Google released a tool today that gives users detailed information on their own use of the company’s products – an impressive and accessible information-gathering feat, but one with a potential backlash if it raises consumer awareness about the amount and detail of information that the search giant is collecting on a day-to-day basis.

Account Activity is an opt-in service that sends you a monthly report on your activity with search and other products – like what browsers, operating systems, and geographical locations the account has been accessed from, and top search queries. The report also includes email trends, including the number of messages sent and received, and changes in email volume month-to-month.

“For example, my most recent Account Activity report told me that I sent 5 percent more email than the previous month and received 3 percent more,” wrote Google product manager Andreas Tuerk. “An Italian hotel was my top Gmail contact for the month. I conducted 12 percent more Google searches than in the previous month, and my top queries reflected the vacation I was planning: [rome] and [hotel].”

The company has also highlighted ways the service can bolster personal security.

“Knowing more about your own account activity also can help you take steps to protect your Google Account,” Tuerk wrote. “For example, if you notice sign-ins from countries where you haven’t been or devices you’ve never owned, you can change your password immediately and sign up for the extra level of security provided by 2-step verification.”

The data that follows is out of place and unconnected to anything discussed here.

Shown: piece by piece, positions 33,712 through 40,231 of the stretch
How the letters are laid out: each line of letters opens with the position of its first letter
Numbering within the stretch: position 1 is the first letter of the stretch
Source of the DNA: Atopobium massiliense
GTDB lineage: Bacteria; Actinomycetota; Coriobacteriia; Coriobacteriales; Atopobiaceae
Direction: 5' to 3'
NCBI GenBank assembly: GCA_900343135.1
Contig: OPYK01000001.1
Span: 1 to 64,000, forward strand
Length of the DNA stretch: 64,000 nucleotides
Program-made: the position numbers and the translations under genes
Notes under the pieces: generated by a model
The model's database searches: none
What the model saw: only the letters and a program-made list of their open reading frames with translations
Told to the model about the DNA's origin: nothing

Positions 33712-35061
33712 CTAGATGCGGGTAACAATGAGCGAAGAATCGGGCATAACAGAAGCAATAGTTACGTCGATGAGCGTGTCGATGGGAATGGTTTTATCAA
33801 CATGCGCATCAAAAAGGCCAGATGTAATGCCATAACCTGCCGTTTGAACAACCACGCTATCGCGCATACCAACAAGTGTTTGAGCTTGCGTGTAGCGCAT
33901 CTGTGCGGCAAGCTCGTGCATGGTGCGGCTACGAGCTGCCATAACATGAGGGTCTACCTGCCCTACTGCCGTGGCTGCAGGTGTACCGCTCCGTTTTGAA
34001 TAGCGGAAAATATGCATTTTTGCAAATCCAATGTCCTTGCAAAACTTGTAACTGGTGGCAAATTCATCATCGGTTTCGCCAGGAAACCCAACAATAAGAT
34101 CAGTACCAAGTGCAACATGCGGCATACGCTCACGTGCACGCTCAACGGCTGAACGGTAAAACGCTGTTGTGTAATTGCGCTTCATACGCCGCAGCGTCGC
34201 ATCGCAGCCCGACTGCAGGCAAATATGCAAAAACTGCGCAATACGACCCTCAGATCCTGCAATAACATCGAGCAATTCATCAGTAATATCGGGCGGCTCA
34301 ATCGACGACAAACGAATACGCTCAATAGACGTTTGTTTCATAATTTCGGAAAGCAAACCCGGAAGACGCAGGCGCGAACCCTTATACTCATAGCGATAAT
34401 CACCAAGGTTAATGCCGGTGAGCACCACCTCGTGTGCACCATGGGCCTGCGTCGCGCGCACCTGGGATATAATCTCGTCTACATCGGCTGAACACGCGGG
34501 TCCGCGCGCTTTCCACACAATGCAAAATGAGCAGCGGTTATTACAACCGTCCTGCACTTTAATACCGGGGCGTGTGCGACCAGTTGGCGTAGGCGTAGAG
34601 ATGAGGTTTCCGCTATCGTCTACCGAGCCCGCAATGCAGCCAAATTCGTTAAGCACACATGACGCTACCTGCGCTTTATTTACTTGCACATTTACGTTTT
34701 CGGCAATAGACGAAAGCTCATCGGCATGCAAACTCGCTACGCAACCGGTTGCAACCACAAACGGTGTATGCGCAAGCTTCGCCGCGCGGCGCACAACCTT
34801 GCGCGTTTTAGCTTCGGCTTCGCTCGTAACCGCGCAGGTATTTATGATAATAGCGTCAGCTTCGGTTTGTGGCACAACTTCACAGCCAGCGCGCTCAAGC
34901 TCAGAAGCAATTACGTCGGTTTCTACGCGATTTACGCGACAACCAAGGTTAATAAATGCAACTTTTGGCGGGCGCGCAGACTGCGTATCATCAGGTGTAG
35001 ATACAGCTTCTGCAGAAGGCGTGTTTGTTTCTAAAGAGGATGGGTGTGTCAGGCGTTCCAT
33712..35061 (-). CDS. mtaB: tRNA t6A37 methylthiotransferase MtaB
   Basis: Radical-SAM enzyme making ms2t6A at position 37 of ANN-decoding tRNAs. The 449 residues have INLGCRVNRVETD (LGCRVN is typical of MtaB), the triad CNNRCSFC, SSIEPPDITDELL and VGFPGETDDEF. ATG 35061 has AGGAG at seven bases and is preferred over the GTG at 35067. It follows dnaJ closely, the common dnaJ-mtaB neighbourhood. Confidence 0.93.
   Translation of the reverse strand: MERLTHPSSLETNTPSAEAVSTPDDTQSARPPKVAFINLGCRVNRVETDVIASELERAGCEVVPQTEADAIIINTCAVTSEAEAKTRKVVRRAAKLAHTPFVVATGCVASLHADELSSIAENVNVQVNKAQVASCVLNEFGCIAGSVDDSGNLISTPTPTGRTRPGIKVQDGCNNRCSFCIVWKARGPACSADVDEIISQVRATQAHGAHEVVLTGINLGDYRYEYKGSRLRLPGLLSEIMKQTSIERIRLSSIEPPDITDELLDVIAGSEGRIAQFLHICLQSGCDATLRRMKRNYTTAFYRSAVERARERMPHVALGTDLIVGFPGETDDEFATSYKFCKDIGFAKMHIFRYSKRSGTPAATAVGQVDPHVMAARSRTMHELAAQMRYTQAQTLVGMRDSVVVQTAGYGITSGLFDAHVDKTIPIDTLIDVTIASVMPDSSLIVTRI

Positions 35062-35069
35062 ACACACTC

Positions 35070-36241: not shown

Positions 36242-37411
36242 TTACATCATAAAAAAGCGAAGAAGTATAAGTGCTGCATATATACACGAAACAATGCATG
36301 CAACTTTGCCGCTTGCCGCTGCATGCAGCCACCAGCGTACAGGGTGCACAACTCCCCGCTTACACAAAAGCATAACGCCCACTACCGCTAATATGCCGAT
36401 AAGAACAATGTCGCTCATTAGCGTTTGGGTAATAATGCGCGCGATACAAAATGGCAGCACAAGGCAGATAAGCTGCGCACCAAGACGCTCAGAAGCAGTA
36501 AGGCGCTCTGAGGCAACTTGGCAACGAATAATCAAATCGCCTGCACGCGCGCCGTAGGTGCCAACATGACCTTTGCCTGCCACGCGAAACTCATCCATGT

But the rollout comes with calculated risk. The service could represent a liability for Google if it draws attention to how much the search engine “knows” about its users. Account Insights takes advantages of the company’s recent privacy policy changes, which pulled an array of products under the same license agreement.

The service takes advantages of the company’s recent privacy policy changes, which pulled an array of products under the same license agreement. That means that any threats to the new policy, such as a number of current lawsuits challenging the changes, could jeopardize the future of this or any other service built on the consolidated terms.

Images: Google, Columbia Pictures

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